The market giveth, and the market taketh away. The S&P 500’s huge rebound on Thursday was swallowed by an even larger collapse Friday.
Friday’s -3.6% implosion was the biggest single-day loss since the depths of the Covid crisis. But as bad as that sounds, if you net Thursday’s gain with Friday’s loss, we are only down -1.1% from Wednesday’s close. Not great, but not set-your-hair-on-fire bad either.
This time it wasn’t Covid, inflation, interest rates, oil, or even the war in Ukraine. Instead, it was yet another tech highflier fumbling the ball. This time, the offense was committed by AMZN, falling -14% on disappointing earnings. Combine that with NFLX and TSLA and many of the highflying pillars that propelled the market to record highs in 2021 have come crashing down.
When the biggest and most important companies let us down, it hurts everyone and last year’s unflappable half-full mood has given way to this year’s half-empty outlook. Actually, it’s more like three-quarters empty at this point.
But as dramatic as these whipsaws have been, they have been amazingly easy to trade and avoid.
The hardest whipsaws to trade are the ones that happen when the market is closed. Those are the ones that jump our stops and leave us with a smoking pile of wreckage the next morning. But this market hasn’t been doing that to us. Instead, the majority of these huge swings happened during market hours, meaning nimble traders had plenty of opportunities to get in and out before the serious damage happened.
Anyone that’s been reading this blog knows I like buying bounces. Sometimes they work amazingly well, like March’s hugely profitable 10% surge over a couple of weeks. (Ride that wave in a 3x ETF and now we’re talking real money!)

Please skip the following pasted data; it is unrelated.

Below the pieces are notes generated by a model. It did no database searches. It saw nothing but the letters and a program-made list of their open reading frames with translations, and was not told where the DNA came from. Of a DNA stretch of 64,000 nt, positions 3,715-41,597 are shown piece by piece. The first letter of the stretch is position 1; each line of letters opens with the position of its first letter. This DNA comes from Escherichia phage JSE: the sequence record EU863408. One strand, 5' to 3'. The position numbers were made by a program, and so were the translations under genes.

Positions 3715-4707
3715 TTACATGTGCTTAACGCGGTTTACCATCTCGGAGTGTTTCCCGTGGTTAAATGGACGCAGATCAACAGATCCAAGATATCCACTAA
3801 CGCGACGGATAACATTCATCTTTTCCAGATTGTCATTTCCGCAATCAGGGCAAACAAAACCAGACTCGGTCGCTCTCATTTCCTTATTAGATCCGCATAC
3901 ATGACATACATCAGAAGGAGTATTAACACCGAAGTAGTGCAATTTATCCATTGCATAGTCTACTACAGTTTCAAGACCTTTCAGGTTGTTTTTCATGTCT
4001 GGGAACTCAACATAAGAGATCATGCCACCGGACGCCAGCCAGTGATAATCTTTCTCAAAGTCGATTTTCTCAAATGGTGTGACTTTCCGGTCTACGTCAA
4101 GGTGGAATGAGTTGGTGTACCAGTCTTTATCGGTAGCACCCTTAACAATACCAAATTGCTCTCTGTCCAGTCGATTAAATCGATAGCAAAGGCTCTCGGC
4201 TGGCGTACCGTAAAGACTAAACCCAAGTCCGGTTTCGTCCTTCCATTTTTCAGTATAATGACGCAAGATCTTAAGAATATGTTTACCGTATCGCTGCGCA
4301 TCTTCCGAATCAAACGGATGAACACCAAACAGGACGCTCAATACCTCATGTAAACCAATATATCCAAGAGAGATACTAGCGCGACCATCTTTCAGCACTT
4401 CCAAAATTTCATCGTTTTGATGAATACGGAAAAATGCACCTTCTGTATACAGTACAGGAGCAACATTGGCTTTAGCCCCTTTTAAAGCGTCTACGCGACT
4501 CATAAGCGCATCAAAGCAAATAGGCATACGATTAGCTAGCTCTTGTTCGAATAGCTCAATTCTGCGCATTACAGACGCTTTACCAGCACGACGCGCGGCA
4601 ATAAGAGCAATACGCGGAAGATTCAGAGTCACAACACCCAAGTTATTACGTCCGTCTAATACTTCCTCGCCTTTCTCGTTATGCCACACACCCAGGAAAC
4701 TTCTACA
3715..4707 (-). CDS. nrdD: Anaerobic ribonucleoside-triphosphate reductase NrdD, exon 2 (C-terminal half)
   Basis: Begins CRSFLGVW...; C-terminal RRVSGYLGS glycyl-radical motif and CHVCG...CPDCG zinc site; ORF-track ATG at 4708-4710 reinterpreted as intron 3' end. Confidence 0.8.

But April has been far more stingy. Lucky for me, the bounces have been large enough that after jumping aboard early, I’ve been able to quickly move my stops up to my entry points, giving myself a free trade. When the bounce collapses the next day, I get out at my entry points for a breakeven trade, no harm no foul. Which is exactly what I did Friday morning.
Without a doubt, I would rather be making money. But when my “bad” trades don’t lose money, it is hard to complain too loudly about that.
Making money in the market is easy (everyone has good trades), the hard part is keeping it (giving back all of those profits in the next bad trade). But as long as we follow a sensible trading plan, we make big bucks when the wind is at our backs and we sidestep the losses when it isn’t blowing our way.
We don’t need to know what the market will do next if we are nimble enough to follow its lead. That means starting small, getting in early, keeping a nearby stop, and only adding to a trade that is working. Follow those simple rules and making money (and keeping it) gets a lot easier.
As for what comes next, markets rarely kiss the lows and bounce. Instead, they tend to crash through them, scare the hell out of everyone, and then bounce. While fear is really high following Friday’s collapse under 4,200 support, it will probably get even worse before the next bounce.
4,200 failed and 2022’s intraday lows near 4,100 are up next. Maybe after tagging that level, we will finally run out of fearful sellers and bounce.
Even if this is a bear market, buying bounces is still a very profitable strategy. The biggest and most powerful bounces happen in bear markets, so I’m definitely not giving up on buying bounces. As bad as April was, odds are good May will give us another tradable 30% rally in a 3x ETF. I sure wouldn’t want to miss that huge trade because I got discouraged and gave up too early.
Remember, savvy traders sell highs and buy lows. And right now we are a lot closer to the lows that the highs, meaning the next good trade is going to be a buy.
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Jani Ziedins (pronounced Ya-nee) is a full-time investor and financial analyst that has successfully traded stocks and options for nearly three decades. He has an undergraduate engineering degree from the Colorado School of Mines and two graduate business degrees from the University of Colorado Denver. His prior professional experience includes engineering at Fortune 500 companies, small business consulting, and managing investment real estate. He is now fortunate enough to trade full-time from home, affording him the luxury of spending extra time with his wife and two children.